Here, then, is the fundamental problem. Those who advocate for an emancipatory basic income policy while showing considerably less interest in the persistent dilemmas of class politics have forgotten, or failed to see, that what they are pushing for is already a form of communism. There is consequently no prospect of the hoped-for policy coming to pass until there is a working-class constituency that is organized and powerful enough to be able to extract it, in spite of the predictable resistance of superbly organized capital. The employers of labor are, after all, not about to expropriate themselves out of untold future profits out of the goodness of their hearts, much less because proponents of a generous basic income have fairness and human decency on their side.

—p.153 by Alex Gourevitch, Lucas Stanczyk 2 years ago

Here, then, is the fundamental problem. Those who advocate for an emancipatory basic income policy while showing considerably less interest in the persistent dilemmas of class politics have forgotten, or failed to see, that what they are pushing for is already a form of communism. There is consequently no prospect of the hoped-for policy coming to pass until there is a working-class constituency that is organized and powerful enough to be able to extract it, in spite of the predictable resistance of superbly organized capital. The employers of labor are, after all, not about to expropriate themselves out of untold future profits out of the goodness of their hearts, much less because proponents of a generous basic income have fairness and human decency on their side.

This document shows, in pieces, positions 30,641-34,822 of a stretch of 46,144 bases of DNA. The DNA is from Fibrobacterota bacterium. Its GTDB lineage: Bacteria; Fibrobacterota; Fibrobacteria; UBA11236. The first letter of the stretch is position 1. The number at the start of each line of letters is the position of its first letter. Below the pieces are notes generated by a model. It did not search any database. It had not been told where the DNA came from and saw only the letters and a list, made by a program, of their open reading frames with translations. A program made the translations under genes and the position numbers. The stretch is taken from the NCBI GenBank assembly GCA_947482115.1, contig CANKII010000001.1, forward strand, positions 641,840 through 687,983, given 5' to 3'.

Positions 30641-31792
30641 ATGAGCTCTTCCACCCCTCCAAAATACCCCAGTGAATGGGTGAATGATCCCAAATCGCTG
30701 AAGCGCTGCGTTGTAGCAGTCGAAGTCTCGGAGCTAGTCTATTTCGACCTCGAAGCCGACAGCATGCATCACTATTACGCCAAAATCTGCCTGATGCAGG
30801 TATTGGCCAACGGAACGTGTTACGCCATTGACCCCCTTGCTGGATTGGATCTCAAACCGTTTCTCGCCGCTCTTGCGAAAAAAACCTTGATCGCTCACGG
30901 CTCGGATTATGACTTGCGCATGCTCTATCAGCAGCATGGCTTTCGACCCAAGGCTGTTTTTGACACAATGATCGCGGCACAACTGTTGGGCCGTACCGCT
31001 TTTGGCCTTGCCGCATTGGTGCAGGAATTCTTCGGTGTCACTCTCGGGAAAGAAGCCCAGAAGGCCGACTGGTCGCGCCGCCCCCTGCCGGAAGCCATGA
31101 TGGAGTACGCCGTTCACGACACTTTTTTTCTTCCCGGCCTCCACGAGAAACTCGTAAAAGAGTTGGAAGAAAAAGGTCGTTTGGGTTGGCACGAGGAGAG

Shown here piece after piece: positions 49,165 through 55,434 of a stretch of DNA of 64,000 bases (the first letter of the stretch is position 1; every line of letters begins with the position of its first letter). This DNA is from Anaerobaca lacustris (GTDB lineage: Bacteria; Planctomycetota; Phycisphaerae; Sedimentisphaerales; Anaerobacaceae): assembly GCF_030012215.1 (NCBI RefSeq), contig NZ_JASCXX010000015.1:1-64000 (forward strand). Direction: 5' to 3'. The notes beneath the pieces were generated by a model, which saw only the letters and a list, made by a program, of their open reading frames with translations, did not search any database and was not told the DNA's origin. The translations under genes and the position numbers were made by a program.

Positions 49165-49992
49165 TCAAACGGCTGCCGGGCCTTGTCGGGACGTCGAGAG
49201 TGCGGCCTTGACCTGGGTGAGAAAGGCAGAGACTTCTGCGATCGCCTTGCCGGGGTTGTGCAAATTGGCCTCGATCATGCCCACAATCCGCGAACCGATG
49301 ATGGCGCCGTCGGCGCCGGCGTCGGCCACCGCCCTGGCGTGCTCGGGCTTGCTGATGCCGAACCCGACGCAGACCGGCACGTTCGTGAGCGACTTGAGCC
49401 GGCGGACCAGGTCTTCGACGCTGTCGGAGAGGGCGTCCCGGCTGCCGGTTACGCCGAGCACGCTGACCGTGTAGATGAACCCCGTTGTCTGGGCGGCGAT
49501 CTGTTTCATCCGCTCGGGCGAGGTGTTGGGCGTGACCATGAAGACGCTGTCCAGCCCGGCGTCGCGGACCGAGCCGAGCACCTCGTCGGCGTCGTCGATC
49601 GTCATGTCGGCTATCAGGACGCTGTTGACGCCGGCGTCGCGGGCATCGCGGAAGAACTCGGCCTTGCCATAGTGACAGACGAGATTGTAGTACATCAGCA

—p.153 by Alex Gourevitch, Lucas Stanczyk 2 years ago
175

[...] recently even billionaires have been paying lip service to the idea that some version of the policy could make existing social spending more efficient, labor markets more flexible, and so on. As we have stressed, however, implementing any version that could plausibly be called liberating for the average worker would require permanent and unprecedented expropriation of businesses and wealthy people. However meticulous the case for a policy that has this consequence, it should be clear that the business class will not willingly agree to expropriate itself.

—p.175 by Alex Gourevitch, Lucas Stanczyk 2 years ago

[...] recently even billionaires have been paying lip service to the idea that some version of the policy could make existing social spending more efficient, labor markets more flexible, and so on. As we have stressed, however, implementing any version that could plausibly be called liberating for the average worker would require permanent and unprecedented expropriation of businesses and wealthy people. However meticulous the case for a policy that has this consequence, it should be clear that the business class will not willingly agree to expropriate itself.

—p.175 by Alex Gourevitch, Lucas Stanczyk 2 years ago